Book Review: Candide

“Let us cultivate our garden…”

Image result for candide by voltaire

I’m not an expert on the French philosopher and writer Voltaire but by all accounts he was a bit of LAD. The fact that he precedes such luminaries as Prince, Madonna and Cher in going by one name shows how influential he has been. I imagine Bono, Sting and Coolio are also massive fans…

Candide is the nephew of a German baron who grows up under the tutelage of the eternal optimist Pangloss. The tutors sunny disposition is put to the test in a series of ever more outlandish and painful events as seemingly everyone around Candide is murdered or imprisoned in a manner that would make Job blush.

Voltaire’s language is as beautiful as it is scathing with the philosophical optimists of the time savaged by reason and fact. Candide can be a little repetitive but that only epitomises the cyclic nature of misery and pain. The book veers wildly between nihilism and anarchy while somehow managing to be funny at the same time. To say this classic work was originally published in 1759, it is a remarkably easy read and I got through the whole thing in a couple of days (this is more a reflection of the fact that I have nothing to do with my spare time than anything else however to be fair).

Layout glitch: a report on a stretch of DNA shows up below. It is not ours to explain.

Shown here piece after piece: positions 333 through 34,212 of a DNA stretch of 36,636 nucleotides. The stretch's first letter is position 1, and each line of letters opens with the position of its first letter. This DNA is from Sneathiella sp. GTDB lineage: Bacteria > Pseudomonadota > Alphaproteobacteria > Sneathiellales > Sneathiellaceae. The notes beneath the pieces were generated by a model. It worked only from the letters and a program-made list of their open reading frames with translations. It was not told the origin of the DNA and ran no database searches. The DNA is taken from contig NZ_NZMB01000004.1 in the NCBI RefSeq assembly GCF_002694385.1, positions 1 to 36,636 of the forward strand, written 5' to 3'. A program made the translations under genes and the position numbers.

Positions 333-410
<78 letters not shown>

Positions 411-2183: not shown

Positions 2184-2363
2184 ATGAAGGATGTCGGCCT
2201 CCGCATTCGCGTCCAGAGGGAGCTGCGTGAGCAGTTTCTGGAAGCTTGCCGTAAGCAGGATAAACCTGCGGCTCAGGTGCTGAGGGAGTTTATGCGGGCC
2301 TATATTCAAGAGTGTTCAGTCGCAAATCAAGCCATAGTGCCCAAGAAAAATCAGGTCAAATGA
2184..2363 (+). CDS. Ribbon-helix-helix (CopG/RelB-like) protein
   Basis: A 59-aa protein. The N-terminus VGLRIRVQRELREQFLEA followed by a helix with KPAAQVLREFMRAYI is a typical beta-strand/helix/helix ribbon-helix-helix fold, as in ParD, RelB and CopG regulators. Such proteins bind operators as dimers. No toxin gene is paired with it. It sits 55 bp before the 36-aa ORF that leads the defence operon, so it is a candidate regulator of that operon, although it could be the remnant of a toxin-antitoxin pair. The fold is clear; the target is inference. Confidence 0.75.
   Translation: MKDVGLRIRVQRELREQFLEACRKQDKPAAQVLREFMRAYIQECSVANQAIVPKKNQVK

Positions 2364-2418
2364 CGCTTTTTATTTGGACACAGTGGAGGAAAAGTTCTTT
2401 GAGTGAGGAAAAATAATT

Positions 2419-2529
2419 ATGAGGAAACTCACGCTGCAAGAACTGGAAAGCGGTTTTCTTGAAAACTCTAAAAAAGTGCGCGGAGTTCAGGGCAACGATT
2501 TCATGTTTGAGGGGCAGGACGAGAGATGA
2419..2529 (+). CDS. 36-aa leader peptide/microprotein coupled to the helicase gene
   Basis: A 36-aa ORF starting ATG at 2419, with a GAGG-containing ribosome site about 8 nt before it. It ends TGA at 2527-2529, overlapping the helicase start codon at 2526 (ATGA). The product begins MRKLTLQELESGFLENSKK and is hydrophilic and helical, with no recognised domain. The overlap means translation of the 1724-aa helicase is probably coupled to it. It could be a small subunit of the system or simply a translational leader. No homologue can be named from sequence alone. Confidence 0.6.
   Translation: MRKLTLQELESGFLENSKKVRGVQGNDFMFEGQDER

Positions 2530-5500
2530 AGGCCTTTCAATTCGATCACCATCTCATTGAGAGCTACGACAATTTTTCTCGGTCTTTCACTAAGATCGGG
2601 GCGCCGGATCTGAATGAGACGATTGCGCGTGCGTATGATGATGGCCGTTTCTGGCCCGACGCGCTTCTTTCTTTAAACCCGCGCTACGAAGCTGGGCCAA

I’d certainly never read it again but Candide works as an introductory slice of the Age of Enlightenment that isn’t too time consuming or difficult.

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